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7.4: Salinity

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    10253
    • Contributed by Miracosta Oceanography 101
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    Salinity

    Salinity is a measure of the total amount of solid material (salts) dissolved in water, defined as:

    Weight (mass) of salt
    —————————— = Salinity
    Weight (mass) of water


    Units are described as:
    % is part per hundred (pph)
    is parts per thousand (ppt)

    • Open ocean seawater ranges is 33 to 37 ppt. Average is about 35 ‰ (ppt).

    Salt evaportation ponds near the Dead Sea in Jordon.
    Figure 7.15. Evaporation ponds constructed near the Dead Sea in Jordan are developed to manufacture salt.

    Salinity is Measured by:
    • electrical conductance (higher salinity = higher conductivity)
    • density (higher salinity = higher density)

    At room temperature, water can dissolve about 30% of its weight in salt (NaCl). Hot water can hold about 40%. A brine is water that is concentrated with high levels of salt. When evaporation concentrates salty water to it saturation point, salt crystals will precipitate.

    Note that difference substances have different saturation levels in water.

    Examples:
    • Spring 0.3 ppt (fresh)
    • Tap water 0.7 ppt (fresh)
    • Limit on agriculture irrigation - 2 ppt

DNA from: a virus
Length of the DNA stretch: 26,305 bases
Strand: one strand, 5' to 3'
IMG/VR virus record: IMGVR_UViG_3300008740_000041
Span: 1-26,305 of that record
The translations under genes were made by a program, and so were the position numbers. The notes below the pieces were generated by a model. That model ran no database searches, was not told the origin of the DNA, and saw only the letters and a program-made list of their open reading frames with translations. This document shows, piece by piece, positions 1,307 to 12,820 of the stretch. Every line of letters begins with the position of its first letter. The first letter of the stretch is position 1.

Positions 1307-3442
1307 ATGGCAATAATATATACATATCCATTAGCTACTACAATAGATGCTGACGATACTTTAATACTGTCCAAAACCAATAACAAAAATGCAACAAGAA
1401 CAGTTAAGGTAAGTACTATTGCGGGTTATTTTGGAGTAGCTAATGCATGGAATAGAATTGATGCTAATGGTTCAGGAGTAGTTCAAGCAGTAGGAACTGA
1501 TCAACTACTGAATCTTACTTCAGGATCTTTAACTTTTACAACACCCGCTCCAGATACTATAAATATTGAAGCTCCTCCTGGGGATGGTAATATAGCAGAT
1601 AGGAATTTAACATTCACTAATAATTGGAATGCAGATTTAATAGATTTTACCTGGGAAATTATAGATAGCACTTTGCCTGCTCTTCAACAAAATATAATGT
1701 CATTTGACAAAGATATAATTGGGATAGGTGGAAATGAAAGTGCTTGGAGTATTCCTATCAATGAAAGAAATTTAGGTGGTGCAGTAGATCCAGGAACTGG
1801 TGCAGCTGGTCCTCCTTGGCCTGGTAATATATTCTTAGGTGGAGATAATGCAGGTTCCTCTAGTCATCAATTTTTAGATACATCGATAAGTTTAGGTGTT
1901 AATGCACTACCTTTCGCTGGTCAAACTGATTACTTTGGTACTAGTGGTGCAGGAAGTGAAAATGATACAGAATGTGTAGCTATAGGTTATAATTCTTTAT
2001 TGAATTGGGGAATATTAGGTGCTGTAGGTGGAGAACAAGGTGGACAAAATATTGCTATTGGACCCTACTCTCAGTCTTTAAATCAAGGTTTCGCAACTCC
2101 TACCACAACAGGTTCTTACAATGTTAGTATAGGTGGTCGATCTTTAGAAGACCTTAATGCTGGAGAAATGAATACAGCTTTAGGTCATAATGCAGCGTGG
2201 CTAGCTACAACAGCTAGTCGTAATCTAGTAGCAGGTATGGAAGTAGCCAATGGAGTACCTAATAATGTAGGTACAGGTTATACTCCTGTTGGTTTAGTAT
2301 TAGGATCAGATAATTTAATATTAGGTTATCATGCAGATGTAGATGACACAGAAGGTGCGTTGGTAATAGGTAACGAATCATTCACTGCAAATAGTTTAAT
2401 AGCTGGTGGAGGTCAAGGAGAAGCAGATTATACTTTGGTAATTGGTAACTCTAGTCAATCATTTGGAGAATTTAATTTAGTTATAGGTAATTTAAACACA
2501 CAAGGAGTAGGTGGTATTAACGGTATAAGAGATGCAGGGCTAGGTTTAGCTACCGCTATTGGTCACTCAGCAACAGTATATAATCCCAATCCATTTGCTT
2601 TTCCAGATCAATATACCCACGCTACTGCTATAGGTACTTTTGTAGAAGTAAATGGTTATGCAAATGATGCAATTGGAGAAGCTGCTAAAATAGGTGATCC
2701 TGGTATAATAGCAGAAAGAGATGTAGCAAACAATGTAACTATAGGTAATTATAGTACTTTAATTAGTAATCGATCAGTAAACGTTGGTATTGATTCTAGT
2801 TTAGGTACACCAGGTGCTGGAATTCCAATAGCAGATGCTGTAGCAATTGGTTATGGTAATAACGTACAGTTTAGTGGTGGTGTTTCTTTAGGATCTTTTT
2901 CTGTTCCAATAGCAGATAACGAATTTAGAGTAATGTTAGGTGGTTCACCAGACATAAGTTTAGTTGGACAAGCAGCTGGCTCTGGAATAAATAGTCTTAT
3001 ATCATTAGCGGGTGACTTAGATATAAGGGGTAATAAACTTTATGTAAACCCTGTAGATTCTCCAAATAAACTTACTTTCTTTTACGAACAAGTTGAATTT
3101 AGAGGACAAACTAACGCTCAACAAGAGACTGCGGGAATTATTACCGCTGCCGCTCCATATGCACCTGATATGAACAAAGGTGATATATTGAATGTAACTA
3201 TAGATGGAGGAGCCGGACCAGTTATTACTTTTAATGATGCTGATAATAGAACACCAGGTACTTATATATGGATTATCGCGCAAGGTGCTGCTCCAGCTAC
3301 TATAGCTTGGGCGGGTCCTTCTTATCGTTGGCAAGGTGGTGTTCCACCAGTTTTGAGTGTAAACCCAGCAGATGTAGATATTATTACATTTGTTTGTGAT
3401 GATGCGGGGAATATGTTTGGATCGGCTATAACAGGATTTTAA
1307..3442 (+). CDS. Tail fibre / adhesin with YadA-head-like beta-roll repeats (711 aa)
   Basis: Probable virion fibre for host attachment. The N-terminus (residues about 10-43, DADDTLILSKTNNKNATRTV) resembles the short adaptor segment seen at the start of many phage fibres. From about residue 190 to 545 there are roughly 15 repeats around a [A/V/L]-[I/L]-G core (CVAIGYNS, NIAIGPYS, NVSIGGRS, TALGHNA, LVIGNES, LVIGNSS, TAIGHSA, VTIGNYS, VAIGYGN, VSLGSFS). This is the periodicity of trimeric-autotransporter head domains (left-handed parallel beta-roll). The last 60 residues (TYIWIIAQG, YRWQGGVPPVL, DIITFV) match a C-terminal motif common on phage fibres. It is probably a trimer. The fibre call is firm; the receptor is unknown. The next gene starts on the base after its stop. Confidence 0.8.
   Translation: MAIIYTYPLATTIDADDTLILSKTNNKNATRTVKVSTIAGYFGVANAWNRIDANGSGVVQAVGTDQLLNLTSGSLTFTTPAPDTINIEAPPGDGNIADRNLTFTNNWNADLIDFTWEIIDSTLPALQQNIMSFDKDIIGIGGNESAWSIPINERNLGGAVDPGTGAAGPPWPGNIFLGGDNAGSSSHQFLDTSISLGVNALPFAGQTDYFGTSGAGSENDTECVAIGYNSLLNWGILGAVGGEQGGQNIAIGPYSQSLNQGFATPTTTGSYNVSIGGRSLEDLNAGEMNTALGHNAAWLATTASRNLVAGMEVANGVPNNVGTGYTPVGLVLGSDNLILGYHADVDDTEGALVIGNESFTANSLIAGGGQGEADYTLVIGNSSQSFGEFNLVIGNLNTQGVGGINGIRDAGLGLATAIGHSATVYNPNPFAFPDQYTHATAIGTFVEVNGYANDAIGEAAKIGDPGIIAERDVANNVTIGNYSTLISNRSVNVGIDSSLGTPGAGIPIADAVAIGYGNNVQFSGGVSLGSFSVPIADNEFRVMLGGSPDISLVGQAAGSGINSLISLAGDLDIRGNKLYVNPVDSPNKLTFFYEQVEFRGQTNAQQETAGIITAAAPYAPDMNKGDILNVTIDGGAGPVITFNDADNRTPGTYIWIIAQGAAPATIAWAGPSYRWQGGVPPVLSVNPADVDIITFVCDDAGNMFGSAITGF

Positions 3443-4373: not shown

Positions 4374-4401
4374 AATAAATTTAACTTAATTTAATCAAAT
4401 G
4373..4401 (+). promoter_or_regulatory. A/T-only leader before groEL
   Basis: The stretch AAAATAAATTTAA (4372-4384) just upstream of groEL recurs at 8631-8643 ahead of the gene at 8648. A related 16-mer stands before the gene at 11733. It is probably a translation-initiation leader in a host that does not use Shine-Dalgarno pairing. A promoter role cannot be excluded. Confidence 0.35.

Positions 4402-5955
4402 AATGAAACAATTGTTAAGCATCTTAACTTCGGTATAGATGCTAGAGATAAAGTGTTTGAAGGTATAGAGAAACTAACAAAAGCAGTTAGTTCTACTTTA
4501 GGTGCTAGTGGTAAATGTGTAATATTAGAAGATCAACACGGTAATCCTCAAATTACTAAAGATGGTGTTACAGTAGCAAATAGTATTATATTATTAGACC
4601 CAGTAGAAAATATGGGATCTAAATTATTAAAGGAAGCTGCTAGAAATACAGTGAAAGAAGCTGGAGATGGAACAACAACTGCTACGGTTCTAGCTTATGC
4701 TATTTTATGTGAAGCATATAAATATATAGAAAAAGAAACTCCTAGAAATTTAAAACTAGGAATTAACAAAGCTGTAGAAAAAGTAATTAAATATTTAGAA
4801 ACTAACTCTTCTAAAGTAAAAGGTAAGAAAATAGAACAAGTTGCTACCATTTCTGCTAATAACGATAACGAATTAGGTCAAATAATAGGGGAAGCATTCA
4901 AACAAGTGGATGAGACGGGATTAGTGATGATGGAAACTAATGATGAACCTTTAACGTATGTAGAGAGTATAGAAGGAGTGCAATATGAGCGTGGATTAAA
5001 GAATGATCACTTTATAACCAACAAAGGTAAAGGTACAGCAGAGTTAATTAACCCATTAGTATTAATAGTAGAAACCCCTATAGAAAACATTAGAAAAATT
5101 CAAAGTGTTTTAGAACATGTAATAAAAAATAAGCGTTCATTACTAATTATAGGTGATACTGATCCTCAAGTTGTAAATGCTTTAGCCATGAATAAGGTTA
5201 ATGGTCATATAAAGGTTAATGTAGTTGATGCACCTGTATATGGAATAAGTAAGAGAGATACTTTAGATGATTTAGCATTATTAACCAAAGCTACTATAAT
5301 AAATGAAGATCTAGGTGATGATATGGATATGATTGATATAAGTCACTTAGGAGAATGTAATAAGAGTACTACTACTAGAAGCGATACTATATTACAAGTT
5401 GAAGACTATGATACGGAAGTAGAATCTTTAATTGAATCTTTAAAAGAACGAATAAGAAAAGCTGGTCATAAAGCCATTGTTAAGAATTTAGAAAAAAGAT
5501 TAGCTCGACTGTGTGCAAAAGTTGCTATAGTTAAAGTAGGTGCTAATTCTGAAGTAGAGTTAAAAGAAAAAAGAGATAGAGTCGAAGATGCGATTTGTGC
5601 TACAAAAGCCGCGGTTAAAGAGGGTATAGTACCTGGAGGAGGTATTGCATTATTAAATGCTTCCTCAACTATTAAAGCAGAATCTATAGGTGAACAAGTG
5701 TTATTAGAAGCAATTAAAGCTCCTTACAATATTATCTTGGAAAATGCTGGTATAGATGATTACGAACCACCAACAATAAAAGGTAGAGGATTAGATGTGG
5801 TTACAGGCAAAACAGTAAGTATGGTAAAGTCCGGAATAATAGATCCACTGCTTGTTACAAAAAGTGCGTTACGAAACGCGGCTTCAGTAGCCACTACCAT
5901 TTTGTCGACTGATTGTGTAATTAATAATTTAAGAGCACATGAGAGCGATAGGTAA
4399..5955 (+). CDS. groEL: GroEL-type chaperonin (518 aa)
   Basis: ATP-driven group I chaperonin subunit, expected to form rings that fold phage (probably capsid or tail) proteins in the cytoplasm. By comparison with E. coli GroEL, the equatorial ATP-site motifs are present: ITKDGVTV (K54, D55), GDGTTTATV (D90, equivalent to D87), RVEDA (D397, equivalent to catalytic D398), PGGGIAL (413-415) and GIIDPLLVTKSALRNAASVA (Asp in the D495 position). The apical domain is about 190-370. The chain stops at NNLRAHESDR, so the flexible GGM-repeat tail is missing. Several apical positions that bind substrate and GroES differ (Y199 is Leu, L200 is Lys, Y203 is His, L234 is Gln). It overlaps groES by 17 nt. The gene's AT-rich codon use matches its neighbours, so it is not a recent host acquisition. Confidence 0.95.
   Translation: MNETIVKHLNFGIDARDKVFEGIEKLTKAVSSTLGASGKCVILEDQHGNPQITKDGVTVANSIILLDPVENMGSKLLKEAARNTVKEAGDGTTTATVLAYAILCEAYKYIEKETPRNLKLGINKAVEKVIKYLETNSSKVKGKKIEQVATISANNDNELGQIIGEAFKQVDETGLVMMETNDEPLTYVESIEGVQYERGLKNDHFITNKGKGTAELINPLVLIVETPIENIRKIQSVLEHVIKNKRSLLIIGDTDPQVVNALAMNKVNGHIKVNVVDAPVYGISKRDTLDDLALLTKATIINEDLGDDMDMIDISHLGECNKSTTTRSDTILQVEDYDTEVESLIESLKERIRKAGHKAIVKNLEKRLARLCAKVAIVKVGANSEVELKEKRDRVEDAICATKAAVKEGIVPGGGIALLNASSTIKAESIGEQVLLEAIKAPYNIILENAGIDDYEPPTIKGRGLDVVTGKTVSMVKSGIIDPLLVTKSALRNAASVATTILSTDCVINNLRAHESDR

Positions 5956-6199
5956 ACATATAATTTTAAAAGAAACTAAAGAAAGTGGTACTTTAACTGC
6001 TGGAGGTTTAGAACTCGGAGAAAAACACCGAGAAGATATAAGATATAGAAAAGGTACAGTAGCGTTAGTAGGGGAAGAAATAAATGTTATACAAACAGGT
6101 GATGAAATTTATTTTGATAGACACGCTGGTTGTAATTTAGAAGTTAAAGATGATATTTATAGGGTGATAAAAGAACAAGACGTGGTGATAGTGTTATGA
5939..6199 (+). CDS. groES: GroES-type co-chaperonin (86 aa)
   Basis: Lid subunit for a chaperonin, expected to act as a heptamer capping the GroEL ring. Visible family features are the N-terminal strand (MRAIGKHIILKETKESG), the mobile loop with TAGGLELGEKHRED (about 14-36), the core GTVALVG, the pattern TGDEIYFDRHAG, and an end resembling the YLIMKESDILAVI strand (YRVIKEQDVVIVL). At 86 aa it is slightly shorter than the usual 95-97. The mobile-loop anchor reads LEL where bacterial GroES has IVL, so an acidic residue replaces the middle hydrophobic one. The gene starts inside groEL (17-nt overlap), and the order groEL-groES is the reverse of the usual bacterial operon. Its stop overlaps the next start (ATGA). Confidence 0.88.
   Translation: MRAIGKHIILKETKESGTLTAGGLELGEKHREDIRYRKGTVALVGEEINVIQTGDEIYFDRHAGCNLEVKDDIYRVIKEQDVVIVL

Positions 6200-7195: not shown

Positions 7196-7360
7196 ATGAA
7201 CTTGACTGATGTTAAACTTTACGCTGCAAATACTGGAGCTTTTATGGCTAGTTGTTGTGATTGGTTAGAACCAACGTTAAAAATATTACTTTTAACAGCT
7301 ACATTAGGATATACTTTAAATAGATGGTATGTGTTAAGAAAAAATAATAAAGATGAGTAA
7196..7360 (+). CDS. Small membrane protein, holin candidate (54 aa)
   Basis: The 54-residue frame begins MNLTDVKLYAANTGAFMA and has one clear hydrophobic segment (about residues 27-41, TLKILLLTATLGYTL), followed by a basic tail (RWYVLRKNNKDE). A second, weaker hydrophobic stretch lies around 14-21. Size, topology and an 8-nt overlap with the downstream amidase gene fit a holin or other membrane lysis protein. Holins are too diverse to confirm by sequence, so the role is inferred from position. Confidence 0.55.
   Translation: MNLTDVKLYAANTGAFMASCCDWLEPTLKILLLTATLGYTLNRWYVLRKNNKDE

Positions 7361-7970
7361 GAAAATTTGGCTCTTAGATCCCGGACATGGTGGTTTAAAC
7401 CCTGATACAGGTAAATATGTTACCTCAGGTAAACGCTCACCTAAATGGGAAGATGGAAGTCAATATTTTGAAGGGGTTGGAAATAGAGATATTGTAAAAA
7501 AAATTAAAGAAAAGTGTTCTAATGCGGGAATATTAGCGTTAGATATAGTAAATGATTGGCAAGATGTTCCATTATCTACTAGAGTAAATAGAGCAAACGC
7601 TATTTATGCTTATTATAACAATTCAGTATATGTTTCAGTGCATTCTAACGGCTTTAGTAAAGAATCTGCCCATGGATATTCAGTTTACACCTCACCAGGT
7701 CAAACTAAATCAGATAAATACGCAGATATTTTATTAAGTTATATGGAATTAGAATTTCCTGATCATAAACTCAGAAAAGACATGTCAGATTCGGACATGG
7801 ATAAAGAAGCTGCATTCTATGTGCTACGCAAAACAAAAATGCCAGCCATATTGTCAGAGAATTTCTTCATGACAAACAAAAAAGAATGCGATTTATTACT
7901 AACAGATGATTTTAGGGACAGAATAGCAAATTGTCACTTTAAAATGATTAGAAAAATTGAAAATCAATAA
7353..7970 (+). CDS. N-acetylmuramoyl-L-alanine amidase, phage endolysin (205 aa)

• Baltic Sea 10 ppt (brackish)
    • Black Sea - 18 ppt (brackish)
    • Average Ocean -35 ppt
    • Mediterranean Sea - 38 ppt
    • Red Sea 42 ppt (hypersaline)
    • Great Salt Lake 280 ppt (hypersaline)
    • Dead Sea 330 ppt (hypersaline)

    Salinity variations in the environment
    Figure 7.17. Variations in salinity in the natural environment.

    Evaporation of Seawater Results In Precipitation Of Mineral Salts

    As seawater evaporates in a restricted basin seawater is concentrated becoming a brine. As evaporation proceeds various mineral salts will precipitate out in the reverse order of their solubility. Salty sedimentary deposits produced by evaporation are called evaporites. The first to precipitate is calcite (if not consumed by organisms first). Next come CaSO4 (gypsum and anhydrite varieties). This is followed by salt (NaCl) (mineral name: halite; rock name: rock salt). By volume, NaCl is the most abundant salt from seawater. The last to precipitate are potassium salts (sylvite: KCl and others) and magnesium salts (epson salt: MgSO4 and others). Various other trace salt compounds are concentrated in the last of the brine to evaporate. About 80 different salt minerals have been reportedly found in evaporite deposits.

    Order of precipitation of salts from seawater Salts being concentrated by evaporation in Death Valley, California
    Figure 7.17. Order that salts precipitate from seawater as evaporation proceeds. Figure 7.18. Salts forming from evaporation in Death Valley, California.
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